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Fiction or Non-fiction?
This is an activity that I use with my Kindergarten students. It should be used after a general introduction to the differences between the two kinds of books.
Goals & Objectives:
Goal: students will be able to wonder about and think through whether something is fiction or non-fiction. The "something" would include books, movies, magazines, online resources and more.
Materials & Sources:
Several graphic images of both fictional and non-fictional topics in many mediums. Real pictures of non-fiction topics, cartoon pictures of non-fiction, silly drawings of fiction, realistic looking fictional situations (real dog with a birthday hat on). Two big signs that say Fiction and Non-fiction Two small signs that have examples of the call numbers in your library, done in the colors you use. For example, fiction is a red E and another red letter, non-fiction is a red E and black numbers and three letters. Some kind of a board or display (that is big enough to hold all of this when they are applied one by one) divided down the middle in half by tape or marker.
1. start by reminding students about the differences between fiction and non-fiction. Have them brainstorm the differences they have noticed. Prompt as much as needed.
2. remind them where the books that they are able to choose are located.
3. ask them if a silly story would have serious pictures? A serious book silly pictures? A non-fiction book have realistic pictures? Get them thinking in images and sighting examples from stories you have shared in the recent past.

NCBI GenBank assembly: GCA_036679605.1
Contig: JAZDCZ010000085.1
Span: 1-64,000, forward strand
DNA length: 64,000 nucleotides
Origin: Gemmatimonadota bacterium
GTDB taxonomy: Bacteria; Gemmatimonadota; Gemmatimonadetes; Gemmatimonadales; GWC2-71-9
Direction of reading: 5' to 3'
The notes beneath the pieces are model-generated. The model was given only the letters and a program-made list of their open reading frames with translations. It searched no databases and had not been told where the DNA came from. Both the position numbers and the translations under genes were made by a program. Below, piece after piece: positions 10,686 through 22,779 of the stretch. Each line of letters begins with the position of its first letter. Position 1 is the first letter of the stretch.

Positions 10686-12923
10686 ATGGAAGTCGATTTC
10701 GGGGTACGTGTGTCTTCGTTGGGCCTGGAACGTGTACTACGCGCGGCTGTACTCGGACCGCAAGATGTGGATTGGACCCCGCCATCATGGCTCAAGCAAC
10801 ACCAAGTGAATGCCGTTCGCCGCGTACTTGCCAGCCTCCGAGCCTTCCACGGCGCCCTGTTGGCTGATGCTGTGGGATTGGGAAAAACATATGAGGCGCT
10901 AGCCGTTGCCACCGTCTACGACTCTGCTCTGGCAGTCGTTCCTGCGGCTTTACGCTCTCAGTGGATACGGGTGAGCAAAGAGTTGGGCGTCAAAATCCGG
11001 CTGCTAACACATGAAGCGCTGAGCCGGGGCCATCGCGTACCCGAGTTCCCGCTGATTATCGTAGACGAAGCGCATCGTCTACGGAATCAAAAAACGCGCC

4. place the fiction sign on the board and ask them some of the characteristics of fiction books. I tell my students that fiction books are "fake'" when they are this young because the "f" in fiction matches the "f" in fake and the "nf" in non-fiction matches the "nf" in not fake. Next place the call number example for your fiction books on the same half of the board.
5. do the same for the non-fiction half.
6. tell the students that you have a pile of graphic images that you will share with them. As s group they will have to convince you if each image is fiction or non-fiction by what the image tells them, not in words, but in the details. Start easy. I have a black and white photo of a cat just sitting there and I ask them what they think, is it non-fiction. They say yes. I ask what they might learn if it were a book and the answers range from how to take care of the cat to how it grows to how it is a pet. Then I show them a picture of a cat that is definitely ficiton. It is a drawing of a cat with a bib, a fork and a knife, sitting at a table that is covered with a table cloth. The cat is ready to cut into a big fish sitting on a plate. I really have fun with this image. They all say/yell fiction. I will ask someone to volunteer to tell me why and they invariably say "cats don't eat fish". I lay the image down and say "hmmm, I have lots of cats and they love fish!! Are you sure this is fiction?" They yell yes and I show the image again and they start to list the qualities one by one. I tell them they have to put it all together to come up with the real reason it is fiction and not non-fiction. Be sure to use humor, incongruence and really engage them so that you get all of their enthusiasm and energy flowing.
7. go through each image, finding complementing images of the same subject when possible.
Assessment is informal. It is observational. One of the neatest side-effects of this lesson is that they go around in the library and, I'm told, in the classroom for days saying "this is fiction, this is non-fiction."
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Presented By: Michele Messenger
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